Wednesday, October 8, 2008

Mad Men

Being sick has provided me with an excellent opportunity to catch up on Mad Men (ahh, that silver lining of strep throat). A cable drama set in the late 50's/early 60's. The first look reminded me of Frank Wheeler's Manhattan that I read about in Revolutionary Road. The writing is amazing and very poetic. I think this new series is right up there with Six Feet Under. The characters are very well-developed, and multi-faceted. I like it when characters are ambiguous and there is no right or wrong, and they are flawed with a swirl of goodness, something very Shakespearean about that.

The series mainly addresses the issue of sexism. Women in the office, as the secretaries, are shown as sex commodities, but one of them actually gets promoted to be a copywriter. The show is about an advertising firm, marks the beginning of the commercialistic corporate era. Peggy Olson's promotion from Don Draper's secretary to a copywriter, made me wonder if she's earning the same salary as her male counterparts. But, the issue of salary discrimination is not archaic. Last month, a study showed that men still earn more money than women, even though more women are going for big corporate jobs.

I am probably going off on a tangent here, but sexism still exists in our western society. For instance, the other day I went to drop off my mom, and the entrance to the parking lot was closed due to construction. The big deep yellow sign saying "Men are working" warded off people, and made cars turn around to park elsewhere. I know this is something very small, and I am honestly not picking a fight here, as I have never seen a female construction worker. But, it just caught my attention, and as this Time's article points out, these signs give the impression that only men are suitable for these jobs.

Same thing goes for when I take my car for a tune up or repair. The car service area is a very high testosterone zone, and last year for the first time I saw a female mechanic, and I just wanted to say, "You go girl!". Moreover, you mostly see men bringing their wife's/daughter's car for repair.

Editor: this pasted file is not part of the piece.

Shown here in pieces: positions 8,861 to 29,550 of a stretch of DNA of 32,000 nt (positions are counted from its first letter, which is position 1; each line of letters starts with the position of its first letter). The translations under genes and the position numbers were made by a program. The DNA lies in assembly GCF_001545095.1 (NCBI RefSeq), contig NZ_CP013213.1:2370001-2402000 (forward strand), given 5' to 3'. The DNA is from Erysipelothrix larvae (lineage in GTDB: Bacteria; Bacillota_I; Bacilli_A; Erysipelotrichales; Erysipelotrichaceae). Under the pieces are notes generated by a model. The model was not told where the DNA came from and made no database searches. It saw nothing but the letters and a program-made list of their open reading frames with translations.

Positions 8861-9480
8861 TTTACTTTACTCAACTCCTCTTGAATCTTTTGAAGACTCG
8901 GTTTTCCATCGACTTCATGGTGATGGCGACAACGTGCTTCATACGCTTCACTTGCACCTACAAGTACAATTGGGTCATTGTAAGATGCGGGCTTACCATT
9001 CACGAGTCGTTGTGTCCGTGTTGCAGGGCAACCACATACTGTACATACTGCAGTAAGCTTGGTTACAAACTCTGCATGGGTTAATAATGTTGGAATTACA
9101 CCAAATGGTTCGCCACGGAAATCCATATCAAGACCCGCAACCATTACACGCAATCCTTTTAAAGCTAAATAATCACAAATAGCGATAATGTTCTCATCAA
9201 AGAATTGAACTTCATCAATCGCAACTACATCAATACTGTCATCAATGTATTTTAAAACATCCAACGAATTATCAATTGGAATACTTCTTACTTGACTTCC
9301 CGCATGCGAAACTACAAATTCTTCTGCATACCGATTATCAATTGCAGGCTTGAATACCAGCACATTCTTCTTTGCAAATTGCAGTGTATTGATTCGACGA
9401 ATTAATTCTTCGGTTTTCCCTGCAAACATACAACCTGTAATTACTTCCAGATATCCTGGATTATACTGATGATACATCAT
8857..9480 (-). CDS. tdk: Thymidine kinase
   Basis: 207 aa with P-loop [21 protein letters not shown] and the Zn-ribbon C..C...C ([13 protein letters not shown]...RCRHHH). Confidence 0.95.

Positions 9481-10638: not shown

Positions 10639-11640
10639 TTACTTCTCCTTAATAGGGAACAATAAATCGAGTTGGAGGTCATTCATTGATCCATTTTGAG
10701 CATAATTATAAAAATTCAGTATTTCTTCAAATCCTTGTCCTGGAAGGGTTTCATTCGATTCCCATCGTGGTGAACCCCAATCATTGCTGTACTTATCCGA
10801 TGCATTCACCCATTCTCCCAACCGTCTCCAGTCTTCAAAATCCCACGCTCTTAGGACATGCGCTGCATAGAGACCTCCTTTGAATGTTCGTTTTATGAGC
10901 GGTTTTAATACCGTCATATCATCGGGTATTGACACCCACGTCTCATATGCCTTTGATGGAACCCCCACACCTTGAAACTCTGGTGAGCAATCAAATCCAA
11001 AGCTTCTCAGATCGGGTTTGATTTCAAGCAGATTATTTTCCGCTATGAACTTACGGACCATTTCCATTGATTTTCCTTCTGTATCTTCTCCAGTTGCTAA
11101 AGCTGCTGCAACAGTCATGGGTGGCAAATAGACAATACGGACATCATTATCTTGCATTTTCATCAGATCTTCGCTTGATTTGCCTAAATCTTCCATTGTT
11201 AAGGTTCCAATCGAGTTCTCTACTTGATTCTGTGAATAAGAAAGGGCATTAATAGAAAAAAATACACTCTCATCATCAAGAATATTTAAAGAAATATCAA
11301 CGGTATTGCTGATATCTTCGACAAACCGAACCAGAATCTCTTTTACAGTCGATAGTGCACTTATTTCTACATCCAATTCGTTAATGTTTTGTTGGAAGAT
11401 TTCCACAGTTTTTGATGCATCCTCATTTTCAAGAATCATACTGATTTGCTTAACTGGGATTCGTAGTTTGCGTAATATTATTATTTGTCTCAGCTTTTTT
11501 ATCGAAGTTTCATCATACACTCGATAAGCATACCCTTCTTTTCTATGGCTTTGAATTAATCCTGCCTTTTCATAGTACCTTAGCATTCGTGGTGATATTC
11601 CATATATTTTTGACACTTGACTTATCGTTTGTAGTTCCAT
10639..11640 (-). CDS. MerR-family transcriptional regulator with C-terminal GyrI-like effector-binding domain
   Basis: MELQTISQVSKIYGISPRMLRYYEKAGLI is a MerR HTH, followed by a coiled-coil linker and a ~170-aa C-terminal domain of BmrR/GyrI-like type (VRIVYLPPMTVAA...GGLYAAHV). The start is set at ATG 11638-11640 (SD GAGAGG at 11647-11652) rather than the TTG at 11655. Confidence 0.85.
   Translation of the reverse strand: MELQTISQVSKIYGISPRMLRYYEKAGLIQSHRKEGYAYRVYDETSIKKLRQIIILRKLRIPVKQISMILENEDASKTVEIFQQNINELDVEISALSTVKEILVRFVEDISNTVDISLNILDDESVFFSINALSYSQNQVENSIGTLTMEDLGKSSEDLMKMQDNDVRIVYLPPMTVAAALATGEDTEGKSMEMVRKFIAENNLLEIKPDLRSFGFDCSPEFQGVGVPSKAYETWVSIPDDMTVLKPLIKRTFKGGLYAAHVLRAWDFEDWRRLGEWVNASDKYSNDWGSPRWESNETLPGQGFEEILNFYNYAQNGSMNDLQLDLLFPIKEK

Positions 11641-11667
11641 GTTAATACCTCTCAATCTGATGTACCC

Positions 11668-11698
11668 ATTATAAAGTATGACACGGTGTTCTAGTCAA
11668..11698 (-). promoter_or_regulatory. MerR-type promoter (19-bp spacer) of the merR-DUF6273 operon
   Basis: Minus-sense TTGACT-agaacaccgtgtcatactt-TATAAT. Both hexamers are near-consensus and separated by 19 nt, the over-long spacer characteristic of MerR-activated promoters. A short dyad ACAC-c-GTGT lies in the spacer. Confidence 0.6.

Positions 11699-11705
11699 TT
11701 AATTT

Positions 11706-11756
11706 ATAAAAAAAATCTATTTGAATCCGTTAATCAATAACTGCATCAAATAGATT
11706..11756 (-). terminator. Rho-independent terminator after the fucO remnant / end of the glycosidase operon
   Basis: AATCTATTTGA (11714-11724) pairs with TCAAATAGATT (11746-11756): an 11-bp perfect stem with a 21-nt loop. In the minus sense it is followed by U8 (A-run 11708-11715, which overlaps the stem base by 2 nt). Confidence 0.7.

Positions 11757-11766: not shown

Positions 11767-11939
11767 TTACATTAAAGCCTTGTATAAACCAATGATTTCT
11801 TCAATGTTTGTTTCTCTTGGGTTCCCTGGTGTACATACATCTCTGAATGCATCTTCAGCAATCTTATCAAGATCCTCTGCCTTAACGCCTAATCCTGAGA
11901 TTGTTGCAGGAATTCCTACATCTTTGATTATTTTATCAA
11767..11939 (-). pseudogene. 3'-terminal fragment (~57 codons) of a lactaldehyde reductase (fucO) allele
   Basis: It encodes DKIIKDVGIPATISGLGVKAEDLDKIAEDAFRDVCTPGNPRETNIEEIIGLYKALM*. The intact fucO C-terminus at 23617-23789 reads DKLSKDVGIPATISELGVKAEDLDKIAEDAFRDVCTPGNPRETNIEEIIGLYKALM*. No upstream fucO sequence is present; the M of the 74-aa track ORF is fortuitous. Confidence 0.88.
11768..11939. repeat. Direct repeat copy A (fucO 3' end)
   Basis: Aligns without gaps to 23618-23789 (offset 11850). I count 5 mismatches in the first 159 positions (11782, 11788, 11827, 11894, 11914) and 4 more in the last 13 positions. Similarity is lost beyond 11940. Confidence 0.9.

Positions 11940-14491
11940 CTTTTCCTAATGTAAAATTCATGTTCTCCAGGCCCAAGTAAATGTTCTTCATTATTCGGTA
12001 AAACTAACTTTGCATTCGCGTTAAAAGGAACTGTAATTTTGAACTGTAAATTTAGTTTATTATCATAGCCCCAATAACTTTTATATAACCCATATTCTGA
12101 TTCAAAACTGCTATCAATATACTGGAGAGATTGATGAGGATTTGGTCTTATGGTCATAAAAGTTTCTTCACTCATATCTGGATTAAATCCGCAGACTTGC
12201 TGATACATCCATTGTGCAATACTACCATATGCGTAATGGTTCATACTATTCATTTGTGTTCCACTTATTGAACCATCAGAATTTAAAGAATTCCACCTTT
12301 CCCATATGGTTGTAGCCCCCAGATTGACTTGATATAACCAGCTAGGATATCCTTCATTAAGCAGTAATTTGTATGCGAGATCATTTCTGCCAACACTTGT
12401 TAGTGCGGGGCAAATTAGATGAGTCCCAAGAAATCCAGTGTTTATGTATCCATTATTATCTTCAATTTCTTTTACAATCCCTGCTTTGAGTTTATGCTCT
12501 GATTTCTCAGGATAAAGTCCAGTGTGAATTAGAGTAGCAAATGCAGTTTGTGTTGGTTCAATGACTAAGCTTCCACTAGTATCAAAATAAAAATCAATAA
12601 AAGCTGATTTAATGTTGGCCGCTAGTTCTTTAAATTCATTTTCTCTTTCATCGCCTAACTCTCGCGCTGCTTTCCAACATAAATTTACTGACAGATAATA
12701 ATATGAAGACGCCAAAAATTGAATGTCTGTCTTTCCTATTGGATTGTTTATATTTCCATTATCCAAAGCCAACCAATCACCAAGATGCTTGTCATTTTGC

In Rwanda, for the first time ever we have a female majority in the parliament. The legislative world is still dominated by white old men. Supposedly, we have surpassed the feministic movement, and my generation falls under the category of Post-Feminism era, where we didn't have to fight for our rights. But, sexism does exist. In my university math classes, I was part of a small number, there were only 4 other girls with me. This meant I couldn't be late for my classes ;-), because the profs didn't have a hard time remembering me.

Turning to Canadian politics, I couldn't be happier for Elizabeth May, the Green Party leader. She was the only woman at our debates, and she held her ground, in both the English and French language debates. Stephen Harper's advisors have asked him to wear a sweater to soften his image, so he can tap into the female demographic, who have gone for the Liberals in the past. Is it really that easy to get our votes?! But apparently, this strategy is working for Harper, and for the first time, compared to the previous elections, a high number of women voters are supporting Harper's Conservative party. Same thing goes for Russia's Vladimir Putin. Last summer, the then President of Russia, released bare-chested photos of him, so he could be seen as Russia's sex symbol.

But, the same sexism, in some cases, can also work for people's advantage. For instance in Sarah Palin's case, whenever her foreign affairs knowledge is questioned, the right-winged Fox News accuses the media for being sexist. Joe Biden, instead of attacking Palin's inexperience, and incoherent 'verbage', focused his attacks on McCain, in the last week's VP debate. He didn't want to be labelled as a pompous sexist.

You cannot really hold men responsible of sexism, when we have made the four ladies of Sex and the City crusaders of female independence and success. No strings-attached sexual behaviour shouldn't be a determinant of how far we have come. Nor does a woman's need of Manolo Blahnik to feel empowered. Why aren't we selling movies like Erin Brockovich, the only movie that comes to mind, I am seriously drawing a blank here, to show that women are intelligent. Carrie Bradshaw should not be put on a pedestal, and reckoned to be our heroine, it's women like Margaret Atwood who write about strong intelligent female characters who deserve the status we have placed on these four Botox-tod women. Or women like Mukhtar Mai, and Somaly Mam, who have made women's education and freedom their primary goals, and because of their will power have managed to transcend the cultural boundaries their patriarchal society imposed on them.